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Drought Dents Business Confidence But Newcastle A Bright Spot


Release Date: 3/10/2018
The crippling drought impacting most of NSW has seen business confidence dip, according to the latest Business Conditions Survey released by the state’s peak business organisation, the NSW Business Chamber.
 
Results show that September’s tougher trading conditions are a flow on effect from the 84 per cent of businesses who reported being impacted by the drought in August.
Compounding the state’s sluggish quarter are higher operating costs and a downward trend in revenue.
 
The survey, which includes responses from businesses across the Hunter Region, noted New England North West and Central West saw the sharpest deterioration in business confidence for the state.
 
“While NSW remains number one, with 151,000 new jobs created within the past year and the lowest unemployment rate in Australia, we are seeing the impacts of the drought hit business,” said NSW Business Chamber Chief Executive Stephen Cartwright.
 
“Addressing the impacts of the drought remains a key focus of the NSW Business Chamber and we continue to champion a range of issues with government in order to mitigate the impacts as businesses struggle with cash flow and keeping skilled people,” Mr Cartwright said.
 
Businesses in Newcastle and Lake Macquarie that responded to the survey partly bucked the trend and indicated local conditions were still strong.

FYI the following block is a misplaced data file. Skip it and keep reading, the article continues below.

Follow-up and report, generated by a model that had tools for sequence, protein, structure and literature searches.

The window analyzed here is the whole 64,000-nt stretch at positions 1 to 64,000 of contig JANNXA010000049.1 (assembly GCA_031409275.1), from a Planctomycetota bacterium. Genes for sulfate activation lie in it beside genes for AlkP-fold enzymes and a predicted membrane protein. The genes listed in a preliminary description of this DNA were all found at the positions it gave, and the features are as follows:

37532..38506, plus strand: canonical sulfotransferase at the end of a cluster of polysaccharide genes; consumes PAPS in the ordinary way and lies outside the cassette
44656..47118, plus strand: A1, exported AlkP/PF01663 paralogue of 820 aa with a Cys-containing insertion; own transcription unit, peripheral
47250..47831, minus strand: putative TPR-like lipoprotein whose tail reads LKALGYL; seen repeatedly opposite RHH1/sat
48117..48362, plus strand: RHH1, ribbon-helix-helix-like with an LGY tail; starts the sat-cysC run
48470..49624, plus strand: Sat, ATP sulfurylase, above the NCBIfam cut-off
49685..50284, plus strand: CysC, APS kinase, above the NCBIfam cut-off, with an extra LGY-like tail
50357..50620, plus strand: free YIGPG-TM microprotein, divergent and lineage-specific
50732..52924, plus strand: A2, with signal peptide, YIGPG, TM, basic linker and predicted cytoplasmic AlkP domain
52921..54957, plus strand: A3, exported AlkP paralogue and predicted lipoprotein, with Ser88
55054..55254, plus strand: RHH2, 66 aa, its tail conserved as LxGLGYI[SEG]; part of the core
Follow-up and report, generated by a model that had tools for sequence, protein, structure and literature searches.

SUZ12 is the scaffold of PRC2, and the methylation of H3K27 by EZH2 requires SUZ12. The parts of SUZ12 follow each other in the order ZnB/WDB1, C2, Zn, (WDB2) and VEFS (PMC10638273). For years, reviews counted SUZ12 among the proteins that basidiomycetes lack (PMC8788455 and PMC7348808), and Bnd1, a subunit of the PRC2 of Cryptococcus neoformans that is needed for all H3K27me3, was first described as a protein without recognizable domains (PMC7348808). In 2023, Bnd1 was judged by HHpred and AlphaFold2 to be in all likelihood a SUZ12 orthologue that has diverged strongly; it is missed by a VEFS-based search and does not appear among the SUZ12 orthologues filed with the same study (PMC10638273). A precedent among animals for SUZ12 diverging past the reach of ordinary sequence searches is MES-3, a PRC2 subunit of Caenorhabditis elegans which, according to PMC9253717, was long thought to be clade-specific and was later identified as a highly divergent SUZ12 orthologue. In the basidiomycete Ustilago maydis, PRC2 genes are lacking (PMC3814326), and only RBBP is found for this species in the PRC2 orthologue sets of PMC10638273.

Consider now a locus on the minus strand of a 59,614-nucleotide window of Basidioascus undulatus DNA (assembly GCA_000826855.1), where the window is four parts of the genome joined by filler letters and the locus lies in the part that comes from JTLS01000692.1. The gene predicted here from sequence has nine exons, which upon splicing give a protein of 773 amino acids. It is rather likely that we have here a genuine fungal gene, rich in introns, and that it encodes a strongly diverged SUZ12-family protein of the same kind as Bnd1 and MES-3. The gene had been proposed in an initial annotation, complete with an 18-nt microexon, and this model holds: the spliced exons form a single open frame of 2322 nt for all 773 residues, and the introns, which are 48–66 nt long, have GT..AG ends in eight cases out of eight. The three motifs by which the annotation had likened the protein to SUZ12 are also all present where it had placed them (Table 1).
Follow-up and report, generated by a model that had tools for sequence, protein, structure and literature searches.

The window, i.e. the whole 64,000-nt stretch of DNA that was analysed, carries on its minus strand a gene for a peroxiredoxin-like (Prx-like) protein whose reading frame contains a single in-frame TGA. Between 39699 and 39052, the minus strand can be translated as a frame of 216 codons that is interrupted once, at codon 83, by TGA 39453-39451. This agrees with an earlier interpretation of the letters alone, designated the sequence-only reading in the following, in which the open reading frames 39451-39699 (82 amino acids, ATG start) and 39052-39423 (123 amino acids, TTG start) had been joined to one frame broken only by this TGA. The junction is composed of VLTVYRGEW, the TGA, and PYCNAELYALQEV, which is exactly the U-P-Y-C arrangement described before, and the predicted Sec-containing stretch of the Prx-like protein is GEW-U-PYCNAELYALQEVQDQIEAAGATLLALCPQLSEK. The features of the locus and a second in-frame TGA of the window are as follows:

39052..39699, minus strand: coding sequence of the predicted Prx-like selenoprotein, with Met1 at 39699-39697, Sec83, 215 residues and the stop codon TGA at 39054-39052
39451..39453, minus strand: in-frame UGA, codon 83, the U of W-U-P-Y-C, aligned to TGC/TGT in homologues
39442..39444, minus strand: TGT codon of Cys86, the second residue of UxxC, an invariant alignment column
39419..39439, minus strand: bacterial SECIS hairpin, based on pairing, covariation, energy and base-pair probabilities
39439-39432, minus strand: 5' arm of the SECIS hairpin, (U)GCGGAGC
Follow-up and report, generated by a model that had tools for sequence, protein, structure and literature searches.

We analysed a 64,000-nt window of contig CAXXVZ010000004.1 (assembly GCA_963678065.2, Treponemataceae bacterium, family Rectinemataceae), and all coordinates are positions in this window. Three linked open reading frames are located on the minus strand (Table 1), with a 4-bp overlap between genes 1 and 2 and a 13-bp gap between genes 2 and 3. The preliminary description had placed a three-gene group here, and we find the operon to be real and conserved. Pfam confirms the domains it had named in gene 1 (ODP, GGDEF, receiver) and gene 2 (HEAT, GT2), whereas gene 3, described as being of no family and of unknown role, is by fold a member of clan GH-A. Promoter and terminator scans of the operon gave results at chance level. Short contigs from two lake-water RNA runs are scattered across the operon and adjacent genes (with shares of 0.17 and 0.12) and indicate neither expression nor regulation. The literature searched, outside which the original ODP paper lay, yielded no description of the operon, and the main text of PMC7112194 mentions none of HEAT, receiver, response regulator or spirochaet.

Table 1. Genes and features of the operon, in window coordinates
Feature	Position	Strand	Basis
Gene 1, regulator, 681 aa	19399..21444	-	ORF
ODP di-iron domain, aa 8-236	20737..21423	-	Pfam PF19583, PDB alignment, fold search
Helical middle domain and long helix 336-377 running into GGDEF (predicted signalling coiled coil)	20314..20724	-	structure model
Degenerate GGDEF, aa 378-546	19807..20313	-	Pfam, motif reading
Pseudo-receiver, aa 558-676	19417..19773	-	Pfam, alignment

“This is consistent with the level of activity occurring in the Lower Hunter. However, businesses elsewhere in the region will be feeling the impact of the drought,” said Hunter Business Chamber CEO, Bob Hawes.
 
“We’re fortunate in the Hunter region that our economic diversity is helping to offset the scale of impacts being experienced in nearby regions such as New England and the Central West,” Mr Hawes added
 
“We shouldn’t think we are insulated from impact noting the lower levels of capital spending this quarter show businesses across the state are tightening their belts and delaying major spending decisions.
 
“Higher operating costs continue to be a concern and we are again seeing energy costs rearing its ugly head and constraining business from investing and expanding.
 
“From a State Government standpoint, focus needs to remain on delivering the infrastructure spending (especially in rural and regional NSW) to make sure that our economy goes from strength-to-strength,” Mr Hawes concluded.



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